The arrest on December 10th of a Serb former member of the police led to renewed roadblocks, which would ultimately stand for some 20 days or so. There were a spate of accompanying incidents, including shootings, vehicle burnings and attacks on journalists. A reconnaissance patrol by the EU’s rule of law mission in Kosovo (EULEX) was targeted with a stun grenade, leading to widespread condemnation. The barricades have been dismantled but the crisis is far from over.

Point of contention

Though the Belgrade-Pristina dialogue has been imperfect, sizeable steps have been taken. The presence of the institutions of Kosovo in the north had been becoming more routine. Many more Serbs possess Kosovo ID cards and even passports. Money flows from the public purse in Pristina to north Kosovo.

A major point of contention remains the Association/Community of Serb-majority municipalities. It was conceived as the primary mechanism for integrating the functions sustained by the Republic of Serbia in Kosovo, which declared its independence in 2008 after a violent conflict, having previously been treated as a province of Serbia in the former Yugoslavia. Education, healthcare and waste disposal, to name but a few, are vital services which remain under Belgrade’s remit.

The association/community has, however, been fundamentally opposed by Pristina—despite a ruling in 2015 by Kosovo’s Constitutional Court obliging its establishment. Many fear that it would serve as an instrument of ethnic division, with some going so far as to describe it as Kosovo’s own Republika Srpska, the predominantly Serb entity in Bosnia-Herzegovina which frequently pushes for secession. Kosovo’s prime minister, Albin Kurti, has publicly rejected it.

The EU continues to believe that a vital window of opportunity exists finally to reach a binding deal on the normalisation of relations between Kosovo and Serbia. The incumbents in Belgrade and Pristina enjoy the requisite support to take difficult decisions—whether they are willing to is another matter. Russia’s war in Ukraine has focused minds across Europe on the need for a lasting solution to the impasses in the western Balkans. There have even been suggestions that spring 2023 is essentially a deadline, though this feels ambitious given the experiences of recent months.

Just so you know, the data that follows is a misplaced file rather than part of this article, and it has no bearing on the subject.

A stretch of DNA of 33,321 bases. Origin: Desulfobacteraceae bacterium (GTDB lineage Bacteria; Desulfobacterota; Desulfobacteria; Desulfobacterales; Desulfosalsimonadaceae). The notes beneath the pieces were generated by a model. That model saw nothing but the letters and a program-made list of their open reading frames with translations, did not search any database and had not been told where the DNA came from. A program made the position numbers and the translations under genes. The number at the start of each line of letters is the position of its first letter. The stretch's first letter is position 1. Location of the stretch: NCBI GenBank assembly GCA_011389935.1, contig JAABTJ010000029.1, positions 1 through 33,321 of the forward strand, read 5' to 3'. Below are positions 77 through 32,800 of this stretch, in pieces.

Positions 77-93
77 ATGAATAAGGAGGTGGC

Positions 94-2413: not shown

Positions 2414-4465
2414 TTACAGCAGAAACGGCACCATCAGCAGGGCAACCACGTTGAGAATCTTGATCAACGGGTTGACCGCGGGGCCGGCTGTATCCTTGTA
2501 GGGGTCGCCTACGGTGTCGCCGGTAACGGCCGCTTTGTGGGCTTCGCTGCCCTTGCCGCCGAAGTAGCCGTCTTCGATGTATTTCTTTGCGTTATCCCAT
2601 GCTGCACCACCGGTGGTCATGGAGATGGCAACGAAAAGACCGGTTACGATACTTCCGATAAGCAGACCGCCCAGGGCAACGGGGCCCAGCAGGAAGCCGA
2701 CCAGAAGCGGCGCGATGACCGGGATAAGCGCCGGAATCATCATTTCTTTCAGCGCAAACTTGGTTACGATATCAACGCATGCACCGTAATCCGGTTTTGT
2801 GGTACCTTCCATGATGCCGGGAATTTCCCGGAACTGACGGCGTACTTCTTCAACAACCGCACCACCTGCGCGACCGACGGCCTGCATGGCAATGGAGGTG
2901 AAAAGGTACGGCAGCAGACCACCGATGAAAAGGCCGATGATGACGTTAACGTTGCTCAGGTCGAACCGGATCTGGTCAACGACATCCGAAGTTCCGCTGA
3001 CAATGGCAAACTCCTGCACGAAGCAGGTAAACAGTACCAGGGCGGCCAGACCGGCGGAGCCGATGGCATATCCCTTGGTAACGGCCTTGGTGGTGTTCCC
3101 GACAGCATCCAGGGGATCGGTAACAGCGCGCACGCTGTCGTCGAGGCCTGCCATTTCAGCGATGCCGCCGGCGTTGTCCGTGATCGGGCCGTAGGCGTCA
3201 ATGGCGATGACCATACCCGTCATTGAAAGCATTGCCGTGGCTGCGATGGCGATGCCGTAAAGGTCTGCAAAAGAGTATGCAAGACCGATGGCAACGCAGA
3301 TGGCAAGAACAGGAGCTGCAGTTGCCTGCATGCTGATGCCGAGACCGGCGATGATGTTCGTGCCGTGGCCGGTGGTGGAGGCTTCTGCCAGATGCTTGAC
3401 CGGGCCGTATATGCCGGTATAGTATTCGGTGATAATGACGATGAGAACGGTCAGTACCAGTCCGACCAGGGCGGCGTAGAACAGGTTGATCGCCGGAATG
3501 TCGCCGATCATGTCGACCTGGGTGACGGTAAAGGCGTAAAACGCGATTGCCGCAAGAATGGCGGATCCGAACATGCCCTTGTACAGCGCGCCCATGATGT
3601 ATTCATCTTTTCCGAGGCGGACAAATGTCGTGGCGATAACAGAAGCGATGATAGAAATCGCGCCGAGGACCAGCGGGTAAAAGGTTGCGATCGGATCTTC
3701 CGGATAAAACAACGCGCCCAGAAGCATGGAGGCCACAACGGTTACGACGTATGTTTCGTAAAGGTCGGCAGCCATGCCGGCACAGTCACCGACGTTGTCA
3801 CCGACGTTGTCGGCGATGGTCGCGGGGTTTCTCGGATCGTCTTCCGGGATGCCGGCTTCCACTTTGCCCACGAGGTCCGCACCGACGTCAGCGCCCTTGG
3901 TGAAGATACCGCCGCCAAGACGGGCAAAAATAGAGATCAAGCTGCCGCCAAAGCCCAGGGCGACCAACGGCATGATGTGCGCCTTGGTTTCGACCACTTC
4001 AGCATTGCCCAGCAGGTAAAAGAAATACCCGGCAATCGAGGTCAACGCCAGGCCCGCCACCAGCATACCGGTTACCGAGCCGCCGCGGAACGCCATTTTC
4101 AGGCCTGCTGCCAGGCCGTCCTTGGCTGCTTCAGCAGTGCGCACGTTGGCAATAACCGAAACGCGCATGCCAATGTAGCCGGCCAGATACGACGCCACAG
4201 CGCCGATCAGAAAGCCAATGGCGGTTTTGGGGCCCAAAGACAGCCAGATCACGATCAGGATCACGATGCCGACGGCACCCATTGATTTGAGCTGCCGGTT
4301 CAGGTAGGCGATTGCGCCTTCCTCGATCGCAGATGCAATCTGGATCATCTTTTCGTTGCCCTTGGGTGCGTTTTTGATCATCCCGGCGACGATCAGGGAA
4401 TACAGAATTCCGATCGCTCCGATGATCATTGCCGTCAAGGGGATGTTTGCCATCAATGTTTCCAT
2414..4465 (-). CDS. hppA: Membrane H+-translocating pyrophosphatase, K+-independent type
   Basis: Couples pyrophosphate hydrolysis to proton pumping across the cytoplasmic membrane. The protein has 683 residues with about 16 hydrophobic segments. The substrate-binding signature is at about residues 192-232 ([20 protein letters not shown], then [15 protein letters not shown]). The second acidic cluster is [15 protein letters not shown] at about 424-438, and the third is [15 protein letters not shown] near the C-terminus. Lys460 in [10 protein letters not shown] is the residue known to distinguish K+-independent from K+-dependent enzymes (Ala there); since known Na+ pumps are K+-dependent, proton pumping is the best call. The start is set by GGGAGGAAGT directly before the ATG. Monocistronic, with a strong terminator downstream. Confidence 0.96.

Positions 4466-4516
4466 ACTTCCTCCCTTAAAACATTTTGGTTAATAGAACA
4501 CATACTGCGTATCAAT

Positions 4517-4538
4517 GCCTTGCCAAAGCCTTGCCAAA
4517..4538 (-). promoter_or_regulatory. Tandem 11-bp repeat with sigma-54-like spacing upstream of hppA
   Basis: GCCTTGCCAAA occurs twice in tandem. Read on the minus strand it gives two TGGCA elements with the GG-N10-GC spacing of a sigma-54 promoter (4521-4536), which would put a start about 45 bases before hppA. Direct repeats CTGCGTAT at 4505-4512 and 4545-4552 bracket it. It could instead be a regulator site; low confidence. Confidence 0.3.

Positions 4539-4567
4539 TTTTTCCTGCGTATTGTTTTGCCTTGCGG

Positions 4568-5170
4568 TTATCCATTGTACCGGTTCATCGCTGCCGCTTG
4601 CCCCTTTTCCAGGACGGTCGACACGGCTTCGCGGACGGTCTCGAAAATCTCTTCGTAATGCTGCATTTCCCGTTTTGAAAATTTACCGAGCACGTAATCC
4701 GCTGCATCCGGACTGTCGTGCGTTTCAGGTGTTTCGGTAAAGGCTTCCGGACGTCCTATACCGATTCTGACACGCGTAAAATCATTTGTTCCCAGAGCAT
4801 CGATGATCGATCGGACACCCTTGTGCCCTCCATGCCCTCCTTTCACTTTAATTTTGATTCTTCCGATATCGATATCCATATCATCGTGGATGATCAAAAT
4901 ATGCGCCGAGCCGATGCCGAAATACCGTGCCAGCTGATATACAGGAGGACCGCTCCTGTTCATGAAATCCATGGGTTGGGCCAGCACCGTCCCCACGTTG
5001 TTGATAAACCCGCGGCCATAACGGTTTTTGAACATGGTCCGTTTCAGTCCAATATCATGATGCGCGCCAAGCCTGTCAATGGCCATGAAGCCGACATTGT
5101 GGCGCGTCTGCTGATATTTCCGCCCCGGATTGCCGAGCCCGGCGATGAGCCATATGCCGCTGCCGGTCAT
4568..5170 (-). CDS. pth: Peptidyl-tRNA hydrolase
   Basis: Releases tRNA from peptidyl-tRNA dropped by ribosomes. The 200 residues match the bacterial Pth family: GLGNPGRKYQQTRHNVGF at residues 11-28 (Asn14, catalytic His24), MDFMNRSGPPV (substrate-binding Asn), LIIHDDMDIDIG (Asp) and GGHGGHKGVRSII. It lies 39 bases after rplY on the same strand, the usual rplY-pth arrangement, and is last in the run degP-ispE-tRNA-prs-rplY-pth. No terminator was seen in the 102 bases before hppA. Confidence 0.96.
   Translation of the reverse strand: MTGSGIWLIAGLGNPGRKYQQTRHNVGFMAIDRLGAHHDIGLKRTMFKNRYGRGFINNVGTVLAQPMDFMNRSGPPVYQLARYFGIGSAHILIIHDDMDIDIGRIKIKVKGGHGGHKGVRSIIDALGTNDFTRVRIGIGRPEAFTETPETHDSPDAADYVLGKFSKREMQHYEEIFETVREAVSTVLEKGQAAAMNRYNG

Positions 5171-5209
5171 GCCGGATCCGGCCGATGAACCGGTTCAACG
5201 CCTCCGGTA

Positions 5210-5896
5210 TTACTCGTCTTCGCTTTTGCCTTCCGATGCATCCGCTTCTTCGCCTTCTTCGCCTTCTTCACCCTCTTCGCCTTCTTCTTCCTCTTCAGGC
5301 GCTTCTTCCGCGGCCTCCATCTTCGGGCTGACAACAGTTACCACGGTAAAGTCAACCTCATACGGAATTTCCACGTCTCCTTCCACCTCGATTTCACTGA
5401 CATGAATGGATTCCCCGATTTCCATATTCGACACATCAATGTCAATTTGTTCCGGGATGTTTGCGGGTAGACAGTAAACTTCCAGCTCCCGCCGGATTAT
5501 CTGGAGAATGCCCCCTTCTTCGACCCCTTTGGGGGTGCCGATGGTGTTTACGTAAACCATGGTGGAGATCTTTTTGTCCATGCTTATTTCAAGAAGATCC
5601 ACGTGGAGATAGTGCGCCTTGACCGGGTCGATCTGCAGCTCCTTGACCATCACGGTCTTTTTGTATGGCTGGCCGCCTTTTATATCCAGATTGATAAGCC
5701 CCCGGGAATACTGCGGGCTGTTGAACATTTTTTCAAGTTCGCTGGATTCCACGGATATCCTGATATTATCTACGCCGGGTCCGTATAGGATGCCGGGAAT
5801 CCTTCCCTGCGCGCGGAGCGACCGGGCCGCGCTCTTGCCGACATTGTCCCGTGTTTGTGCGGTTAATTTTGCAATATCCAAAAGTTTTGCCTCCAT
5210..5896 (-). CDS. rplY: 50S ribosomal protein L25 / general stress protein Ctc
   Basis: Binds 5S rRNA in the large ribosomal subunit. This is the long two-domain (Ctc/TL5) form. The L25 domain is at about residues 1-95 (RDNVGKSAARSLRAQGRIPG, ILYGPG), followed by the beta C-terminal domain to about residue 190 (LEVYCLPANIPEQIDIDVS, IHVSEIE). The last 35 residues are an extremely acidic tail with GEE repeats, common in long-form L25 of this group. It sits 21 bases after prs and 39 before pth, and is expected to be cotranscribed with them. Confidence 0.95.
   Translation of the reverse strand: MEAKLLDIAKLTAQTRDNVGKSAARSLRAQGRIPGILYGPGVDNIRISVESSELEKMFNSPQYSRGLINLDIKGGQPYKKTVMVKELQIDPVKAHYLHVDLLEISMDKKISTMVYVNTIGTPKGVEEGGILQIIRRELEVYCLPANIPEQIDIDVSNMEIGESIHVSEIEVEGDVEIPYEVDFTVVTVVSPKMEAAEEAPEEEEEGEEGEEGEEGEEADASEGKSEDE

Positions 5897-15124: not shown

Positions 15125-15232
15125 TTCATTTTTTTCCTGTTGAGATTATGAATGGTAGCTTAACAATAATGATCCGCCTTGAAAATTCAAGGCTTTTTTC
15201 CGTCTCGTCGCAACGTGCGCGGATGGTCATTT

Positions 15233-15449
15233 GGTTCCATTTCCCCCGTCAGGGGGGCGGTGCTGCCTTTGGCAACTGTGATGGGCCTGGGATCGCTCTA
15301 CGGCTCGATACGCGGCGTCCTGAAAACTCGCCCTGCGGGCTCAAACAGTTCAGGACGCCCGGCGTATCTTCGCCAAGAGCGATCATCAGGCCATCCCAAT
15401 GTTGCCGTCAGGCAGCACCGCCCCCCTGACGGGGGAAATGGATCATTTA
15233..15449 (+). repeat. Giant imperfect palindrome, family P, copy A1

Missing element

The latest developments, however, have again exposed an element missing in the Belgrade-Pristina dialogue—substantive engagement of civil society in Kosovo and Serbia. The process has been elite-led, with negotiations conducted largely in secret. There is little in the way of transparency. The definitive content of agreements remains disputed and open to interpretation.

While ‘constructive ambiguity’ may be deemed necessary to facilitate difficult compromises, it permits the evasion of commitments if and when it comes to implementation. Several agreements have come a cropper, with both sides blaming one another for the deadlocks then hampering progress. Constructive ambiguity has proved a short-term fix with a long-lasting hangover.

Priorities have been set in Brussels—by and between the respective negotiating teams—to the neglect of the communities on the ground directly implicated. Many wonder, sometimes out loud, just how they have benefited from over a decade of negotiations, plus those ultimately leading up to Kosovo’s ‘supervised’ independence.

Even 20 years on from the end of the war, rarely do citizens’ concerns come in first place. Kosovo and Serbia meanwhile face a common challenge—emigrating populations making their homes elsewhere.